Winged Victory

Winged VictoryThis famous bronze memorial was erected here in 1921 to commemorate Canadian Pacific Railway employees who had lost their lives in the First World War. There were, astonishingly, 1,100 of them. Copies of the memorial, perhaps named Winged Victory, went up in Winnipeg in 1922 and at Montréal's Windsor Station in 1923. After the Second World War, a plaque was added to the statues as a tribute to soldiers in that war...... more »




The Marine Building

The Marine BuildingThe Marine Building is still, for old-timers, the building most clearly identified with Vancouver. Its unique wedding cake “icing”, topped by that vaguely Mayan tower, makes a dramatic and exciting backdrop as you look west down Hastings. It is one of the great art deco buildings in the world.

Construction started in the spring of 1929 with a ceremony in keeping with the style of the building...... more »



The Orpheum

The OrpheumThe entrance is deceptively narrow. A dozen casual steps along Granville Street and you’ve gone by. But millions have not always gone by, they have gone in.

For nearly 80 years the Orpheum has been luring showgoers in—millions upon millions of them. They have walked through its richly ornamented concourse, up its sweeping carpeted staircases, past opulent wall decorations and tall columns and into the great domed auditorium...... more »


Grouse Mountain

Grouse MountainIt was October 12, 1894. A small party of hikers trudged through the snow of an unnamed mountain on the north shore of Burrard Inlet. Far below, on the other shore of the inlet, they could clearly see through the crisp, clean fall air the little city of Vancouver—population then about 18,000. The north shore itself had only a few hundred residents. There was no bridge across the inlet yet..... more »


The Sun Tower

The Sun TowerOne of the most familiar landmarks in Vancouver has been looming over the southeast corner of Pender and Beatty streets for more than 90 years. It’s a reminder of the stubbornness and determination of one of the city’s newspaper pioneers, Louis Denison Taylor.

In 1896, working in Revelstoke, “L.D.,” as he was known, saw an advertisement placed by a Victoria newspaperman, Hewitt Bostock, seeking a man to run a new daily, The Vancouver Daily Province. (Bostock wanted to provide competition to the two daily papers already operating, the World and the News-Advertiser)...... more »


Prospect Point Signal Station

Prospect Point in Stanley ParkFrom July 27, 1923 until 1939, when the Lions Gate Bridge went up, there was a Signal Station atop Prospect Point, the highest site in Stanley Park, overlooking the entrance to Burrard Inlet. The station was set up there to alert ships entering and leaving the harbour as to tide conditions, wind, other vessels and so on...... more »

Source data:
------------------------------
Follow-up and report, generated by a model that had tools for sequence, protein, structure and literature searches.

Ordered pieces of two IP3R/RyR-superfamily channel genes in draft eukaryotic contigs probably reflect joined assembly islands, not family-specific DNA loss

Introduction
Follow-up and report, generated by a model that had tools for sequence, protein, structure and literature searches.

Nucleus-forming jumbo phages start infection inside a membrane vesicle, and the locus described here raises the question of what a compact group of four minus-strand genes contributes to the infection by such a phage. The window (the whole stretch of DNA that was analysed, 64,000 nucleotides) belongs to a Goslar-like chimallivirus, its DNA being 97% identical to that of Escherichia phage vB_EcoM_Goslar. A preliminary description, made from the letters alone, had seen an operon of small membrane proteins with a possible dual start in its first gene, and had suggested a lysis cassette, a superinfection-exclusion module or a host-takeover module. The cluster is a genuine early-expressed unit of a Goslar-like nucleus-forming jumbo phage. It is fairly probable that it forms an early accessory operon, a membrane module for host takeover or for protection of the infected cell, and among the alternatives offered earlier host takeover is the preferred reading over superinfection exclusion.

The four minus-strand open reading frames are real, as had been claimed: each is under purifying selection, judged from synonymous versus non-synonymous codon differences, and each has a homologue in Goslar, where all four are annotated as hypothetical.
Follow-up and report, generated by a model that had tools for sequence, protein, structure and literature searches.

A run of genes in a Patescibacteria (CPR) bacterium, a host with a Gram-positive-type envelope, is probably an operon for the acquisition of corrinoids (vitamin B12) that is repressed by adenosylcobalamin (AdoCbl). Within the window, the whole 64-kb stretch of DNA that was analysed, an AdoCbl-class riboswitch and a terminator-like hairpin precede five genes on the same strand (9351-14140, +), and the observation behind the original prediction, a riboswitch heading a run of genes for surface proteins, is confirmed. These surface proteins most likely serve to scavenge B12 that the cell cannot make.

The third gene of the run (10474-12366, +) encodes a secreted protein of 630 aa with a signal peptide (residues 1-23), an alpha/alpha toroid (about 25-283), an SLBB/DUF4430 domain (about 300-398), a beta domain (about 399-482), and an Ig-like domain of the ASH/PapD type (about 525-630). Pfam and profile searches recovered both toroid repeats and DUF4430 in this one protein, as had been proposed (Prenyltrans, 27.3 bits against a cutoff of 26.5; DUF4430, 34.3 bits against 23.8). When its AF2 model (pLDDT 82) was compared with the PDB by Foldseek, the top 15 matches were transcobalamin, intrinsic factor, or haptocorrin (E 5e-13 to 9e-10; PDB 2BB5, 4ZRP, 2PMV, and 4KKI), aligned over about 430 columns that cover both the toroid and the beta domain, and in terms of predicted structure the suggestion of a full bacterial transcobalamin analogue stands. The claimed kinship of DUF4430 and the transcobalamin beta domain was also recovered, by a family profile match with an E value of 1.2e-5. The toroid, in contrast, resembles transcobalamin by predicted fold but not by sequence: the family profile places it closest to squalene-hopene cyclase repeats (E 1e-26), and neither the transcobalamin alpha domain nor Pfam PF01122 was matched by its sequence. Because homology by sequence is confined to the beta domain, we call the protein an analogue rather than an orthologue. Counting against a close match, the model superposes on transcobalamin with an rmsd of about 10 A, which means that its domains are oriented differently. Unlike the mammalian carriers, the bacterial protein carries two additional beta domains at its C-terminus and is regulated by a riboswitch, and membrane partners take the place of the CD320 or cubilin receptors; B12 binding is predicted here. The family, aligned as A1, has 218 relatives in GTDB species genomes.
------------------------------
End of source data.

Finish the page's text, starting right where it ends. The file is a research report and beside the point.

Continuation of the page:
The Pantages in Vancouver

Alexander PantagesAlexander Pantages is important in the show business history of Vancouver because he built two theatres here that were part of his vaudeville empire, and because of his influence on the careers of two men who were important in the Orpheum’s story: Marcus Priteca and Tony Heinsbergen. Pantages’ life story reads like an adventure novel. He was a sailor, a laborer, a Klondike prospector, a guide, a bartender, saloon co-owner...... more »




Vancouver's Nine O'Clock Gun

Vancouver's Nine O'Clock GunIt's been hit by lightning, plugged with rocks, short-circuited, silenced by work stoppages and even (briefly) stolen but Vancouver's famed old Nine O'Clock Gun has—as faithfully as circumstances have allowed—boomed out the time of day from its home in Stanley Park for 107 years now. The early life of this famed 12-pounder muzzle-loaded naval cannon is vaguely known. Thanks to an inscription on the gun itself, we know it was made by H & C King in 1816...... more »



Glen Brae

Glen Brae - now known as Canuck PlaceThere are people who've lived in Vancouver all their lives and never seen it, yet 2005 marks the 95th anniversary of the dramatic double-domed Shaughnessy giant, the Tait Mansion.

A retired B.C. lumberman named William Lamont Tait built the place, and critical reception to it was mixed right from the start. There are some who think it's the ugliest house in Vancouver, some who think it's beautiful—and some, like me, who simply stand looking at it, open-mouthed..... more »


Canada's First Gas Station

Canada's First Gas Station There used to be a plaque at the southeast corner of Cambie and Smithe in Vancouver that marked the location of Canada’s first gas station. The plaque was installed in September of 1955 to commemorate the 75th anniversary of the Imperial Oil Company. The station opened in Vancouver, said the plaque, “in or before 1907”.... more »